A comprehensive microbiological evaluation of fifty-four patients undergoing revision surgery due to prosthetic joint loosening

Geir Bjerkan, Eivind Witsø, Anne Nor, Trond Viset, Kirsti Løseth, Stian Lydersen, Leif Persen, Kåre Bergh
Journal of Medical Microbiology 2012, 61 (Pt 4): 572-81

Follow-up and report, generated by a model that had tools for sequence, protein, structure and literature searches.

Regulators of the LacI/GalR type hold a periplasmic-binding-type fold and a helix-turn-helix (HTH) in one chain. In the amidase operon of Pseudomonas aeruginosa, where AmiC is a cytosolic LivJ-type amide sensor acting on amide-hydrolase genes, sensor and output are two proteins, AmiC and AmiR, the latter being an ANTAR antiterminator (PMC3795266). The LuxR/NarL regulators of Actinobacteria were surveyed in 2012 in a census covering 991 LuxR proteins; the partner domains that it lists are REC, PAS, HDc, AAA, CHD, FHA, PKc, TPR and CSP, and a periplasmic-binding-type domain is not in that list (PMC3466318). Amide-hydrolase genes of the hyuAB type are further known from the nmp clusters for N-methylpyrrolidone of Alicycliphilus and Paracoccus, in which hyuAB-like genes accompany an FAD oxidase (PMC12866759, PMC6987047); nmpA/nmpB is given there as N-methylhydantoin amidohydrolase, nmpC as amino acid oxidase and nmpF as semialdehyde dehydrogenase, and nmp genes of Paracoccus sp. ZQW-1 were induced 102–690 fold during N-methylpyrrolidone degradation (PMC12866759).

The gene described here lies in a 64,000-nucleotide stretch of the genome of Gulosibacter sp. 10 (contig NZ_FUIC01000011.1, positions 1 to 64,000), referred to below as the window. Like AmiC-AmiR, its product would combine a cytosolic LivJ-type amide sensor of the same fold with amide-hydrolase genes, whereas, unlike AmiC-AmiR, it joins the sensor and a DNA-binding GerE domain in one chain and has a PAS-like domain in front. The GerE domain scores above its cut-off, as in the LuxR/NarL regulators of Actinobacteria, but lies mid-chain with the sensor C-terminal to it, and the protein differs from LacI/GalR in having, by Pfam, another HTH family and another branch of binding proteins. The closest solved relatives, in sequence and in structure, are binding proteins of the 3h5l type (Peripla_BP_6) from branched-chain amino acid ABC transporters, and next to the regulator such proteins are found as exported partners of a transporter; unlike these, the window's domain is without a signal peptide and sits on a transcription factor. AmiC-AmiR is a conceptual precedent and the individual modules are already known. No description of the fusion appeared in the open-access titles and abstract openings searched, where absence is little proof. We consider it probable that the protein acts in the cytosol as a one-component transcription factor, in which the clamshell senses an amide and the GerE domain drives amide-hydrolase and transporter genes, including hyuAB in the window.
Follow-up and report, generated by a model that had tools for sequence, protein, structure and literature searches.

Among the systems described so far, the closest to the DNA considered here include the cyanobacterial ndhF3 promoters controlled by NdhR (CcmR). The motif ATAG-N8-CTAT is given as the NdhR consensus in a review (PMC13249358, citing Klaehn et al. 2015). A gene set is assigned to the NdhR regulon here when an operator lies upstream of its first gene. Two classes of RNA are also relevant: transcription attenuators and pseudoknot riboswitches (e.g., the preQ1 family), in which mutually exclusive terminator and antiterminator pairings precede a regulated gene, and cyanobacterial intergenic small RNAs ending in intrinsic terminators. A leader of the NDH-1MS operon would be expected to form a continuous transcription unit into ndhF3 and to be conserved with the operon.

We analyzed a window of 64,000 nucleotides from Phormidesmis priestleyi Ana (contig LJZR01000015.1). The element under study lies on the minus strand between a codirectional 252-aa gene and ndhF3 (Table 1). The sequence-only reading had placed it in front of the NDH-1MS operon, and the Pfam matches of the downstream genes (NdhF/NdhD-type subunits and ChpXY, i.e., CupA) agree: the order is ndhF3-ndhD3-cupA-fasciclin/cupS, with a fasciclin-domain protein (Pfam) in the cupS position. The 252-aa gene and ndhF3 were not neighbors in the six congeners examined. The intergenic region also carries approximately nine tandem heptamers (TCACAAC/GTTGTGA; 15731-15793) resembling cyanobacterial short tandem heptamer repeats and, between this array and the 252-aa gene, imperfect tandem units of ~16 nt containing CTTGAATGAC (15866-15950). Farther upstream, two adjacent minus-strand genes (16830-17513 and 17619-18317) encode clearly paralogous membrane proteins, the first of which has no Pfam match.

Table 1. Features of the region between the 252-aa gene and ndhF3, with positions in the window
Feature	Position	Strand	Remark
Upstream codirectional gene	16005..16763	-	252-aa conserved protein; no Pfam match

The diagnosis of a chronic prosthetic joint infection (PJI) is challenging, and no consensus exists regarding how best to define the criteria required for microbiological identification. A general view is that culture of periprosthetic biopsies suffers from inadequate sensitivity. Recently, molecular analyses have been employed in some studies but the specificity of molecular analyses has been questioned, mainly due to contamination issues. In a prospective study of 54 patients undergoing revision surgery due to prosthetic joint loosening, we focused on two aspects of microbiological diagnosis of chronic PJI. First, by collecting diagnostic specimens in a highly standardized manner, we aimed at investigating the adequacy of various specimens by performing quantitative bacteriological culture. Second, we designed and performed real-time 16S rRNA gene PCR analysis with particular emphasis on minimizing the risk of false-positive PCR results. The specimens analysed included synovial fluid, periprosthetic biopsies from the joint capsule and the interface membrane, and specimens from the surface of the explanted prosthesis rendered accessible by scraping and sonication. No antibiotics were given prior to specimen collection. Based on five diagnostic criteria recently suggested, we identified 18 PJIs, all of which fulfilled the criterion of ≥2 positive cultures of periprosthetic specimens. The rate of culture-positive biopsies from the interface membrane was higher compared to specimens from the joint capsule and synovial fluid, and the interface membrane contained a higher bacterial load. Interpretational criteria were applied to differentiate a true-positive PCR from potential bacterial DNA contamination derived from the reagents used for DNA extraction and amplification. The strategy to minimize the risk of false-positive PCR results was successful as only two PCR results were false-positive out of 216 negative periprosthetic specimens. Although the PCR assays themselves were very sensitive, three patients with low bacterial numbers in periprosthetic specimens tested negative by real-time PCR. This overall lowered sensitivity is most likely due to the reduced specimen volume used for PCR analysis compared to culture and may also be due to interference from human DNA present in tissue specimens. According to the protocol in the present study, 16S rRNA gene real-time PCR did not identify more cases of septic prosthetic loosening than did culture of adequate periprosthetic biopsies.

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